6. Make sure to uncheck the ‘Use Groovy Sandbox’ option beneath the pipeline script window.
      7. Save your changes, run the pipeline and watch Codefresh run builds for each of the branches in your repo.

And here’s the Pipeline script:

stage 'Codefresh'

def owner = 'codefreshdemo'
def service = 'demochat'
def branchApi = new URL("https://api.github.com/repos/${owner}/${service}/branches")
def branches = new groovy.json.JsonSlurper().parse(branchApi.newReader())
cfPerBranch = [:]

for ( branch in branches ) {

       def branchName = branch.name
       cfPerBranch[branchName] = {
           node {
             println "running Codefresh build for branch ${branchName}"
             codefresh build: true, cfService: service, cfBranch: branchName
parallel cfPerBranch

Let’s walk through the script to see what’s going on here.

First of all, we’re defining our Git repository properties, whereas the variable service’ is also our Codefresh service name. (Note: you can create Codefresh pipelines with different names, of course. Just use a different variable).

Then, we’re calling the GitHub branches API to retrieve the list of all branches in our repo:

def branches = new groovy.json.JsonSlurper().parse(branchApi.newReader())

This brings back a list of hashmaps with branch name stored under the ‘name’ key.

We then iterate over this list, building a list of Codefresh invocations in the form:

codefresh build: true, cfService: service, cfBranch: branchName

The integration is achieved by the step name: codefresh. This gets passed the parameters:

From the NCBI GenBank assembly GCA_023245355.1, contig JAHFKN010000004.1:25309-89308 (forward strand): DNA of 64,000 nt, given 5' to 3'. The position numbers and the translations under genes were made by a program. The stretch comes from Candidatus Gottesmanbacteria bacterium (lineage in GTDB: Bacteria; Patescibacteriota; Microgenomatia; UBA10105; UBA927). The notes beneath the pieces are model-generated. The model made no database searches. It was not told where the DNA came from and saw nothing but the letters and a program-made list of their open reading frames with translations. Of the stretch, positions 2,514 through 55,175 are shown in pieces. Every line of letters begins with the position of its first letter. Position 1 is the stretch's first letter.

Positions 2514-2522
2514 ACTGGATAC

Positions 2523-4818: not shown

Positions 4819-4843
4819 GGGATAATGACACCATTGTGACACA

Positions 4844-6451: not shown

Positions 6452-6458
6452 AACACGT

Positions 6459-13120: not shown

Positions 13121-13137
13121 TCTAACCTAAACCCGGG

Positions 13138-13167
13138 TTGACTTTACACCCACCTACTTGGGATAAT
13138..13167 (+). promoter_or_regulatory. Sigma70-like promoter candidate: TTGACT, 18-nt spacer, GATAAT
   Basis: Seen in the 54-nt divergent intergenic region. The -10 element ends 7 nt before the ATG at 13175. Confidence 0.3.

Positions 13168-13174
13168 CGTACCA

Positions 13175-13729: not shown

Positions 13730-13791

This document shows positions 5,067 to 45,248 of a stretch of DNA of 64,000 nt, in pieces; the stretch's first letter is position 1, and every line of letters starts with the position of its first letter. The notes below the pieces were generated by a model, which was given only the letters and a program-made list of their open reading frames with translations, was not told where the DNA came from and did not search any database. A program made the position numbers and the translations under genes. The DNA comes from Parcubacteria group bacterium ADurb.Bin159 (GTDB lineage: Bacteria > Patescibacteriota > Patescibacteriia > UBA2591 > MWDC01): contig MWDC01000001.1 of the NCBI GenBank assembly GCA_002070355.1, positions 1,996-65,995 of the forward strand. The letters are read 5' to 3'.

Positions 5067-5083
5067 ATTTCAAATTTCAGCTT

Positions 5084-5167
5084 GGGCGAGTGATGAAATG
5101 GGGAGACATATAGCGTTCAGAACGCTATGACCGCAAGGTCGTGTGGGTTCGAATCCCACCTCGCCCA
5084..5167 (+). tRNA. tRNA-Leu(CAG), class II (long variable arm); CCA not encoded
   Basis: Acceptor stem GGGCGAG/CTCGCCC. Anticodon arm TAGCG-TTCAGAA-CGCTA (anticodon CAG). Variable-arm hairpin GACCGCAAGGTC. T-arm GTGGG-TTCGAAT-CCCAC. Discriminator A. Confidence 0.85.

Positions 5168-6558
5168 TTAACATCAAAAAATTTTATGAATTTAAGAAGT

build: true tells the plugin that we want to run a build (and not launch a composition)

cfService provides the name of the service to build

cfBranch is the name of the branch

After building the list of invocations we pass it to the special pipeline function parallel which does exactly that – executes all these Codefresh calls in parallel. Looking at the job console output we can see notification from all branches, for example, two branches: master and testing.

[master] running cf build for branch master
 [Pipeline] [master] codefresh
 [Pipeline] [testing] echo
 [testing] running cf build for branch testing
 [Pipeline] [testing] codefresh
 [master] Triggering Codefresh build. Service: codefreshdemo/demochat.
 [testing] Triggering Codefresh build. Service: codefreshdemo/demochat.
 [master] Codefresh build running - https://g.codefresh.io/process/57caca9749786005005adce8
 [master]  Waiting 5 seconds...
 [testing] Codefresh build running - https://g.codefresh.io/process/57caca977ec1d4050067147b
 [testing]  Waiting 5 seconds...